I kept the lessons interesting (The geometry of the video game ‘TETRIS’, Calculating the number of lights in the AstroDome, Life on the mysterious two dimensional world of ‘Flatland’), but it didn’t seem to matter to most of them. Even the most entertaining lesson isn’t as fun as talking, fighting, throwing paper, water guns, when you can get away with it.

So my first year wasn’t a success, but I did return for a second year. I know I didn’t have to; When I signed my TFA contract, I agreed to take two years out of my life to teach in the inner-city. Even my doctor will attest that I had aged at least five. As long as there are kids wishing to learn ‘Math Things’, I’ll be there to share them.

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3 Responses to How I wanted my first year to be perceived

  1. RTD says:

    Thanks for your blog and your honesty. I was teaching in Houston this year through TFA and quit at the beginning of October. I think it sparked a huge wave of “dropouts” at my school, but that’s not the point.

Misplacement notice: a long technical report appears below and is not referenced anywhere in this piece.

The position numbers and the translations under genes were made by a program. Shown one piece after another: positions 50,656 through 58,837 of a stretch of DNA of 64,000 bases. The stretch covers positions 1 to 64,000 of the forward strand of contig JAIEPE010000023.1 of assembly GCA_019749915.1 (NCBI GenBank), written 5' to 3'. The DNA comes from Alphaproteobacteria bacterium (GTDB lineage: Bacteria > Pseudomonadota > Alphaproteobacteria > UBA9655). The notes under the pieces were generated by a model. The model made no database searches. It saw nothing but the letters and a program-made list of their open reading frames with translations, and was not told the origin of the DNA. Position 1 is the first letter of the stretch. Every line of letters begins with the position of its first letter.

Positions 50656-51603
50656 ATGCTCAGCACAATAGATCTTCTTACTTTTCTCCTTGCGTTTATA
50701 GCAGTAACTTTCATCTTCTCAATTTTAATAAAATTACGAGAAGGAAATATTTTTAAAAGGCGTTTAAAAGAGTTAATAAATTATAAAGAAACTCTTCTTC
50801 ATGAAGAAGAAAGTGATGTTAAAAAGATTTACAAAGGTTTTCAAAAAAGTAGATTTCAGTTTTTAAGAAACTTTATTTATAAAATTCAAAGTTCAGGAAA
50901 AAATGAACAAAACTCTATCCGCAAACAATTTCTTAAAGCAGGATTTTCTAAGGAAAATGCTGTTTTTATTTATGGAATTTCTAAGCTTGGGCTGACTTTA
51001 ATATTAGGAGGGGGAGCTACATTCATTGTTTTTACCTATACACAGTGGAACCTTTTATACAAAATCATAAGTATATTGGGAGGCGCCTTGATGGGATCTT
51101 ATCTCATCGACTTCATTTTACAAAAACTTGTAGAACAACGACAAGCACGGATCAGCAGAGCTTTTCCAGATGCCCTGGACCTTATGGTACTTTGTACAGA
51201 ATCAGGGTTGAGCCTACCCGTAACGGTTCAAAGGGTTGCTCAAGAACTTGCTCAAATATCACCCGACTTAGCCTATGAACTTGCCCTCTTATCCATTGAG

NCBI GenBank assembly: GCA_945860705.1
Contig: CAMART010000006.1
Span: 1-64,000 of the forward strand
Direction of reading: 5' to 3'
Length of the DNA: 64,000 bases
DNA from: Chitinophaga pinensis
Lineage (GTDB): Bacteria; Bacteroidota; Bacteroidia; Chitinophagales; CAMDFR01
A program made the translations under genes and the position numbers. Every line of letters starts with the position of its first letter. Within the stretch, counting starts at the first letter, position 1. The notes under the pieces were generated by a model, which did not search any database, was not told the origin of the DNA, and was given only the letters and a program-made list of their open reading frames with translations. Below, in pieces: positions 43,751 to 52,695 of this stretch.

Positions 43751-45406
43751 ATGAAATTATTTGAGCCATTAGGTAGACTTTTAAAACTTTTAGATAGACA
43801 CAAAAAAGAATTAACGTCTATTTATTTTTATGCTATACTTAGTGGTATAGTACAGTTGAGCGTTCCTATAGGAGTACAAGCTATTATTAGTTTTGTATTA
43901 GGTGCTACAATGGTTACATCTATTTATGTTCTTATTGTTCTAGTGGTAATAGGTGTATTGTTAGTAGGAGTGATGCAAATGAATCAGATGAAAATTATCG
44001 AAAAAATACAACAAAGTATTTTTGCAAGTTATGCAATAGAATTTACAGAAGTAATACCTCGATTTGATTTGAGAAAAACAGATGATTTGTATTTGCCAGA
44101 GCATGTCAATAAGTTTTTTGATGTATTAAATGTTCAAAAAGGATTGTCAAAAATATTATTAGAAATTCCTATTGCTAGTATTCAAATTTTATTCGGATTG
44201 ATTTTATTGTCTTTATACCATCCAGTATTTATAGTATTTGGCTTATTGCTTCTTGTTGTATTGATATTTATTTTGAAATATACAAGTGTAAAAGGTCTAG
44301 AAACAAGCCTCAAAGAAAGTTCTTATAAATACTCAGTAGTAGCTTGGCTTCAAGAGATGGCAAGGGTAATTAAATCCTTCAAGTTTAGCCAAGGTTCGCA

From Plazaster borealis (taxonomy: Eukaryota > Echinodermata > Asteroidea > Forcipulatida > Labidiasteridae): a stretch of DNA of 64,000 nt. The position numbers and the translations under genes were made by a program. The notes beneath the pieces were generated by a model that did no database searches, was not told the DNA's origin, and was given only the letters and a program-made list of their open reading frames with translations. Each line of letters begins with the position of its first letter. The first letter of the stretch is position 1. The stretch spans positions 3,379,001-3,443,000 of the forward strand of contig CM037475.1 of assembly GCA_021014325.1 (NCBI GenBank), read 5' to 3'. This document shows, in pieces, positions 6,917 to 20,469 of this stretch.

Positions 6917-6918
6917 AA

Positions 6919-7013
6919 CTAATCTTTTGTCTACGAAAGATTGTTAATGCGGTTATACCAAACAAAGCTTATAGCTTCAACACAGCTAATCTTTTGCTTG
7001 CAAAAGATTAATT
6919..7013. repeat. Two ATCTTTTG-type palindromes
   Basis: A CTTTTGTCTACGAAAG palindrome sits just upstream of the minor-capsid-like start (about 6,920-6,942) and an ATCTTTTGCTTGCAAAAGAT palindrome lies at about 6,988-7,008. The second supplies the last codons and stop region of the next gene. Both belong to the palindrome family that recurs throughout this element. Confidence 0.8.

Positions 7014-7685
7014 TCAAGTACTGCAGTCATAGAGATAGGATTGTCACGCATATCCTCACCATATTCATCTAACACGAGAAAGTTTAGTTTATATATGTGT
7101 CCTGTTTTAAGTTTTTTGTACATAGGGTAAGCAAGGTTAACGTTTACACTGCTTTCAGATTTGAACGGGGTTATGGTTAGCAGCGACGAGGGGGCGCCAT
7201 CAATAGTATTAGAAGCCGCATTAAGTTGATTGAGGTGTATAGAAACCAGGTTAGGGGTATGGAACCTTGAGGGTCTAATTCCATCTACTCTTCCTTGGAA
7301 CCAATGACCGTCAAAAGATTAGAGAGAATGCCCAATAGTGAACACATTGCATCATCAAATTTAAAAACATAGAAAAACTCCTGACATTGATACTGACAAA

I quit because of the usual reasons, plus being so sick I couldn’t physically continue. I spent a week straight in bed. Somehow, laying there staring at the ceiling, I made the decision.

    After I quit, though, it was the worst feeling on the planet. I was literally holding up student work, especially the worst of it, and sobbing. Thinking, these kids will fail because of me. I miss them. I want to see them tomorrow. I even thought about just teaching the day I came to get my things. (My principal wanted me to come back.)

    Now, I have mixed feelings about telling others to join TFA. On one hand, I felt brainwashed at Institute, tricked into joining, trapped by the loan, and treated like a robot, but on the other hand, I felt that at its heart, TFA is in the right place. Some of their methods could be more ethical, though, I suppose.